New Aarch, School of Architecture, Aarhus, Denmark

 

 

 

 

 

 

New Aarch, School of Architecture, Aarhus, Denmark

 

 

 

 

 

 

 

 

SAC, Seoul Art Complex, Pyeongchang-dong, Seoul, South Korea

 

Definition of the community space: Public domain and public realm.

Within public buildings circulation areas form and define a true community space. All other specified and destined areas, rooms and spaces are exclusive to the ones taking part in the activities in there at the time. The circulation area can be seen as the only adaptive, open and integrating space to welcome guests and visitors throughout any time, if the use is defined beyond the mere practical definition. Circulation zones can offer space for individuals and groups to spend time regardless of activities, services and events offered and held in those specified rooms. They can further extend the specified areas into a truly open and public realm, creating an interactive and multifunctional hybrid between "inside" and "outside".

By its re-definition, circulation zones become the community space. Specified areas become pockets inside it, undefined extending into the public realm and/or merging with other zones.  

 

 

 

 

 

 

 

 

SAC, Seoul Art Complex, Pyeongchang-dong, Seoul, South Korea

 

The circulation area is the least defined and unspecific space in a building. Therefore it can transform to the most important place inside a building, as it can host any physical or digital exchange in any form as it is not designed to one specific need or use, so it does not exclude any form of use. The circulation area in its definition translates best to the use of mobile information technology, as it is an in-between space, neither nor. The circulation area holds the potential to become the central spine of any public, institutional or commercial building, whereas more defined spaces could form silent capsules and retreats around it, designed for specific needs, like private Chatrooms.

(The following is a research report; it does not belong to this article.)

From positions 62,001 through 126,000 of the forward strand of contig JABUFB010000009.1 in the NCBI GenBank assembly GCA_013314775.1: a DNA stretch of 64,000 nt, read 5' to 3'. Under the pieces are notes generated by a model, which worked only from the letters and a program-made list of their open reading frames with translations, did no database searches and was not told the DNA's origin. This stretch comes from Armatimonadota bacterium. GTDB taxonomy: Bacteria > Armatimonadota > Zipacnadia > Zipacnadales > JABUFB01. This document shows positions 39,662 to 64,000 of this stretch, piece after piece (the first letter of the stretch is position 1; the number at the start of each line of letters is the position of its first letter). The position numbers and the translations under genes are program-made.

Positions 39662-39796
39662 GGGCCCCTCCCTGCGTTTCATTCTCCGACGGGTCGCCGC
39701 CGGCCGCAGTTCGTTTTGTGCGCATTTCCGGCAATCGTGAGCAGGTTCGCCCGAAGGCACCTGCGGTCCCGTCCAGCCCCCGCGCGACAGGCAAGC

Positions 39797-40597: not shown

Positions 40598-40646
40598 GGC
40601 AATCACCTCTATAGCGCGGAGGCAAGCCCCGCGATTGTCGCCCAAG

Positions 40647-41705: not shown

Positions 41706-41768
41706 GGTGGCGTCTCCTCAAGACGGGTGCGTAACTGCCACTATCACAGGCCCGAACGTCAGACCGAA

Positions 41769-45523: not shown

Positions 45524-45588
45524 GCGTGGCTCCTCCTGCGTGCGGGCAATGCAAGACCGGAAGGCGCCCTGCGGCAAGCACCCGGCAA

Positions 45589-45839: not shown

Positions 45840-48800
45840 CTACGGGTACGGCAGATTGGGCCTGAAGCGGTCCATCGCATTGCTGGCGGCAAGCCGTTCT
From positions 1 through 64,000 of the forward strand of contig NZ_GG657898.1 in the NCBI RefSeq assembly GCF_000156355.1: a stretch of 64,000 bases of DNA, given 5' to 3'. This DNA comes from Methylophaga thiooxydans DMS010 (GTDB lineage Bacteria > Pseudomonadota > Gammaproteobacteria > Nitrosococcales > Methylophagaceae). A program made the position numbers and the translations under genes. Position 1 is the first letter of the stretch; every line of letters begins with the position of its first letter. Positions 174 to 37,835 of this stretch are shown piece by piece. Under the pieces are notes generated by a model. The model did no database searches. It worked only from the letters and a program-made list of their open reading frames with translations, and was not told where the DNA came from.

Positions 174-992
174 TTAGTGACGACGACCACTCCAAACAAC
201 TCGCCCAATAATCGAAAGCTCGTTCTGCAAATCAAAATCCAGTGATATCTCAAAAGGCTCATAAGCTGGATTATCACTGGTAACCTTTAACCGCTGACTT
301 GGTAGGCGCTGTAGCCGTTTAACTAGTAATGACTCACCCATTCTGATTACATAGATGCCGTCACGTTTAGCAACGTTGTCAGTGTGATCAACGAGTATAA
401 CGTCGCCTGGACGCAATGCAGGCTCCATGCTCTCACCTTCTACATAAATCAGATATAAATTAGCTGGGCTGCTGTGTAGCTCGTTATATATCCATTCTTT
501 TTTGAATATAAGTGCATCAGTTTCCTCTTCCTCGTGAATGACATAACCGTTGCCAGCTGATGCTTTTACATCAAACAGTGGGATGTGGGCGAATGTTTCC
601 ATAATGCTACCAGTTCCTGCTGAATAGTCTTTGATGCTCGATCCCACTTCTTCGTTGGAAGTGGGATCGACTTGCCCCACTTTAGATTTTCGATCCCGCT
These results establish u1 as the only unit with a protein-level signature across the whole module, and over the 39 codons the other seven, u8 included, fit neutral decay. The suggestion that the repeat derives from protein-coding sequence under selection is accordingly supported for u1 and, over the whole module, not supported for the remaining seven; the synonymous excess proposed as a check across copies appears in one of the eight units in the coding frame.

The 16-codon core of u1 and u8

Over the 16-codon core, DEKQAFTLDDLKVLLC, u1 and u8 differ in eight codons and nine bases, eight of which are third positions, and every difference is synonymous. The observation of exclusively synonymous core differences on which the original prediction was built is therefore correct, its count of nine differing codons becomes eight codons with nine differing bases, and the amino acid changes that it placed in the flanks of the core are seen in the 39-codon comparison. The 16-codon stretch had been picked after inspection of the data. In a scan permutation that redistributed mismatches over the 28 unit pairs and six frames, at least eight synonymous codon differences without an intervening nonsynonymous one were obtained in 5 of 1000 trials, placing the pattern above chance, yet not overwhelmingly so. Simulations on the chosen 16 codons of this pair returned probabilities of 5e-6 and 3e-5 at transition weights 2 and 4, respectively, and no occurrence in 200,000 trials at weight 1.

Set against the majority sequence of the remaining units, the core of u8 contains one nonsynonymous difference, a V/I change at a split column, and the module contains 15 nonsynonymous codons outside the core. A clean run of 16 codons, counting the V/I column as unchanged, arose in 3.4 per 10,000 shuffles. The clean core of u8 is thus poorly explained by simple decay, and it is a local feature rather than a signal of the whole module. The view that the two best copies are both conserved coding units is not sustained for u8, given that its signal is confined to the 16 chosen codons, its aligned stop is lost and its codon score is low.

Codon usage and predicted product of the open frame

The "empty" space in-between two other spaces in now filled with content.

The public stair/ramp is the hybrid between a public space and public furniture. Public stairs can transform to meeting places, eating places, exhibition spaces, speaker corners, auditoriums, mobile offices, e-commerce trading place, Chatroom, entertainment area, living room. We should move as much area as possible out from the specified spaces into the circulation zones to make our buildings more adaptable, more unspecific, more efficient and by doing so, more communal. Public spaces historically represent exchange. Circulation areas are the most public spaces in any building.

Vertical circulation = short link. Vertical circulation is equivalent to the online short link, the fastest connection between two points. The path is not visible, only defined by entry and exit point.

 

 

 

 

 

 

MOCABU, Mountain of Contemporary Art Busan, Busan, South Korea

 

Cheungvogl wins 2nd Prize in Busan Mulmangol Bunker Regeneration International Competition.

The bunker, constructed as military operation facility in 1968 had been left unused and was registered as a structure for storage purposes in March 2016. An international competition, hosted by the Busan International Architectural Culture Festival and promoted by Kyungdong, Construction Co. Ltd., was held to seek an innovative architectural idea and strategic concept to regenerate the existing bunker facility and to create a new addition, which will activate regional social and economic development in Busan.